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Diet for Excitable Dog

Our customer asked:

I have been having some minor issues with my young dog being a bit over-excitable. My dog trainer has given me loads of useful advice, and also suggested trying her on a diet to a lower protein content as this can affect some dogs. I usually order Hills Vet Essentials from you, which is 23% protein. Could you recommend something of a similar quality but with around 20% protein? (Not James Wellbeloved, because the dog doesn't like it - and the look of disappointment on a greedy dog's face is not a happy sight to see...).

Our reply:

I am afraid I do not really agree with lowering the protein content. I think Hills and others succeed with quite a low protein level anyway. There is a move away from these diets towards higher protein ones in fact, which would be more natural for a carnivore. If you do want to try this, then the best thing to do would be to try one of the "senior" or "mature" diets. For instance, "Hills Senior Light Chicken" is 18.4% protein. I am sure it would do no harm for a period of time, but longer term it might not be good for a younger and very active dog. You could mix the two diets if you wish to adjust the overall balance.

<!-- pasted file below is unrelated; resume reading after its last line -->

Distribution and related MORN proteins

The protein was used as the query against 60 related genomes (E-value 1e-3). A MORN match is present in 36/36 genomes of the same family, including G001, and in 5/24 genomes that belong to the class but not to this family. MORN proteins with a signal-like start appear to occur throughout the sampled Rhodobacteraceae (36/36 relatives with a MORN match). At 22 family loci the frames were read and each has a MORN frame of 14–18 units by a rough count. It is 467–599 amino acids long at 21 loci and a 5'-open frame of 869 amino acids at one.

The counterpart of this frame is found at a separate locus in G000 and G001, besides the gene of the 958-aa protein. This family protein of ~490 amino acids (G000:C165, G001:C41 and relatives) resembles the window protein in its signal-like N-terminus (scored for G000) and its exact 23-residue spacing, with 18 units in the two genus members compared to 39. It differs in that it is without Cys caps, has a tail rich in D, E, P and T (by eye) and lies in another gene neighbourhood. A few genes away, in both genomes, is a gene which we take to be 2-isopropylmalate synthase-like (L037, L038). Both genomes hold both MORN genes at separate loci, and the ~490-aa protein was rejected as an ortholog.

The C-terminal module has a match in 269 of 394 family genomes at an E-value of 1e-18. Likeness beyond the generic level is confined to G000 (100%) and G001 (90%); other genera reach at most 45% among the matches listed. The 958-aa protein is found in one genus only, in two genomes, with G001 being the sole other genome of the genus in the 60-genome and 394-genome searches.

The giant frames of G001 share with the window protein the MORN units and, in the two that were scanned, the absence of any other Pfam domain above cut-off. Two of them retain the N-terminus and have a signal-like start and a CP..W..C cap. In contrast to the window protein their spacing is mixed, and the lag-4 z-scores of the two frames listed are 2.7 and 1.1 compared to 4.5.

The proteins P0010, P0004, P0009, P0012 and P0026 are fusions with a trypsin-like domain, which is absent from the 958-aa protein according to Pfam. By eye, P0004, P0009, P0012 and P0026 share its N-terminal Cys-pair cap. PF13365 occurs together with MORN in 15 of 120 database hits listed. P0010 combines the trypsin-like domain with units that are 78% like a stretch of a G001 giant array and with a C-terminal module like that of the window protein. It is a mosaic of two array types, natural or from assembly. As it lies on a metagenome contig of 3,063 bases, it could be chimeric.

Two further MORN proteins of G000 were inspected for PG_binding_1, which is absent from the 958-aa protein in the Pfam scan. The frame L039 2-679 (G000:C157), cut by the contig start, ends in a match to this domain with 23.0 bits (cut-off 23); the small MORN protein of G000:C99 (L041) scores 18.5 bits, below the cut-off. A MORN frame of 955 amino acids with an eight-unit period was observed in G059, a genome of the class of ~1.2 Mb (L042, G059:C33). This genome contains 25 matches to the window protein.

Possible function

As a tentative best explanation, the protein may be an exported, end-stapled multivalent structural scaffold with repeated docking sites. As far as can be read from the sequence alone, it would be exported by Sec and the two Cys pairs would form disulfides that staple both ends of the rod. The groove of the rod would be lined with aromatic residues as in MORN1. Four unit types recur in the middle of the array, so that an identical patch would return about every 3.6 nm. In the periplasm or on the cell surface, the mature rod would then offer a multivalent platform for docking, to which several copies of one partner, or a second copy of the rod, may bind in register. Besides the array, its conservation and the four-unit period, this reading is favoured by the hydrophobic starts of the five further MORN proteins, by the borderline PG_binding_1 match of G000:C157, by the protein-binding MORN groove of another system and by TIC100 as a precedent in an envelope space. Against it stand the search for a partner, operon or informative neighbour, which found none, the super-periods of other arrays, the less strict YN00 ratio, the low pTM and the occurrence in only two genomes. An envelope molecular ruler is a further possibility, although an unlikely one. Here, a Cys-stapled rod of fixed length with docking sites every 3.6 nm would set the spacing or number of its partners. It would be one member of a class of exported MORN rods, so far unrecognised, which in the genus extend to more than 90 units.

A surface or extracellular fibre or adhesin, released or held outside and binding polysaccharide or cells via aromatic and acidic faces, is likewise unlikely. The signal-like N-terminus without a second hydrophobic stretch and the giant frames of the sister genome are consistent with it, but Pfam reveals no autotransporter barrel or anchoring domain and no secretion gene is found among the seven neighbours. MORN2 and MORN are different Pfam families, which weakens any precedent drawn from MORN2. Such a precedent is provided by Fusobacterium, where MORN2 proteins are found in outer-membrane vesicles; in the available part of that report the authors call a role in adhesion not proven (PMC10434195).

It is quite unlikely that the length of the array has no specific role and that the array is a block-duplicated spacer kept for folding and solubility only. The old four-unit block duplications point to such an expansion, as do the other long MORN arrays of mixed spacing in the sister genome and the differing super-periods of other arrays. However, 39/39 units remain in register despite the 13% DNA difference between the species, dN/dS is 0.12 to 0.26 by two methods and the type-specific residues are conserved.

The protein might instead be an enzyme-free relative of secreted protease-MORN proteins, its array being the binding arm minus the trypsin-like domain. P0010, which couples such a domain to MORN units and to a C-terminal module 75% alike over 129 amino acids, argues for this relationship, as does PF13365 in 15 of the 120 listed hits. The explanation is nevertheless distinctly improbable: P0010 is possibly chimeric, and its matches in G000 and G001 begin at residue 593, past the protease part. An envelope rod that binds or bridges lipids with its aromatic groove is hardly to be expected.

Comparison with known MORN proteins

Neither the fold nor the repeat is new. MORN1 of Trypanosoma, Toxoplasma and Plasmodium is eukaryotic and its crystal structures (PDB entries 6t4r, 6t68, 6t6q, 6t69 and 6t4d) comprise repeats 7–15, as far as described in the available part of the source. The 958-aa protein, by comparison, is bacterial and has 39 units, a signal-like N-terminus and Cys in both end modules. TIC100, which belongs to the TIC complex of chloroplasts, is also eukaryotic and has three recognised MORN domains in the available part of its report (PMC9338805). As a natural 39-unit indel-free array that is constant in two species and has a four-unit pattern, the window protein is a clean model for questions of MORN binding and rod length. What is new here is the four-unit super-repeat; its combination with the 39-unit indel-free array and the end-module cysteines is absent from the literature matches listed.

The idea that excitable dogs will calm down if fed a lower protein diet is a widely promoted straw to clutch at. I do not think it really helps anyway. Many (very good) dog trainers will mention it as something to try, but I do not think it works, other than by providing a poor quality diet which leaves the dog slightly "below-par".

Best of luck with your dog whatever you do. Some dogs are difficult at times and I sympathise with the problem. Ideally training and exercise will produce a more manageable beast, but it is not always that easy!

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Sunday 20th January 2013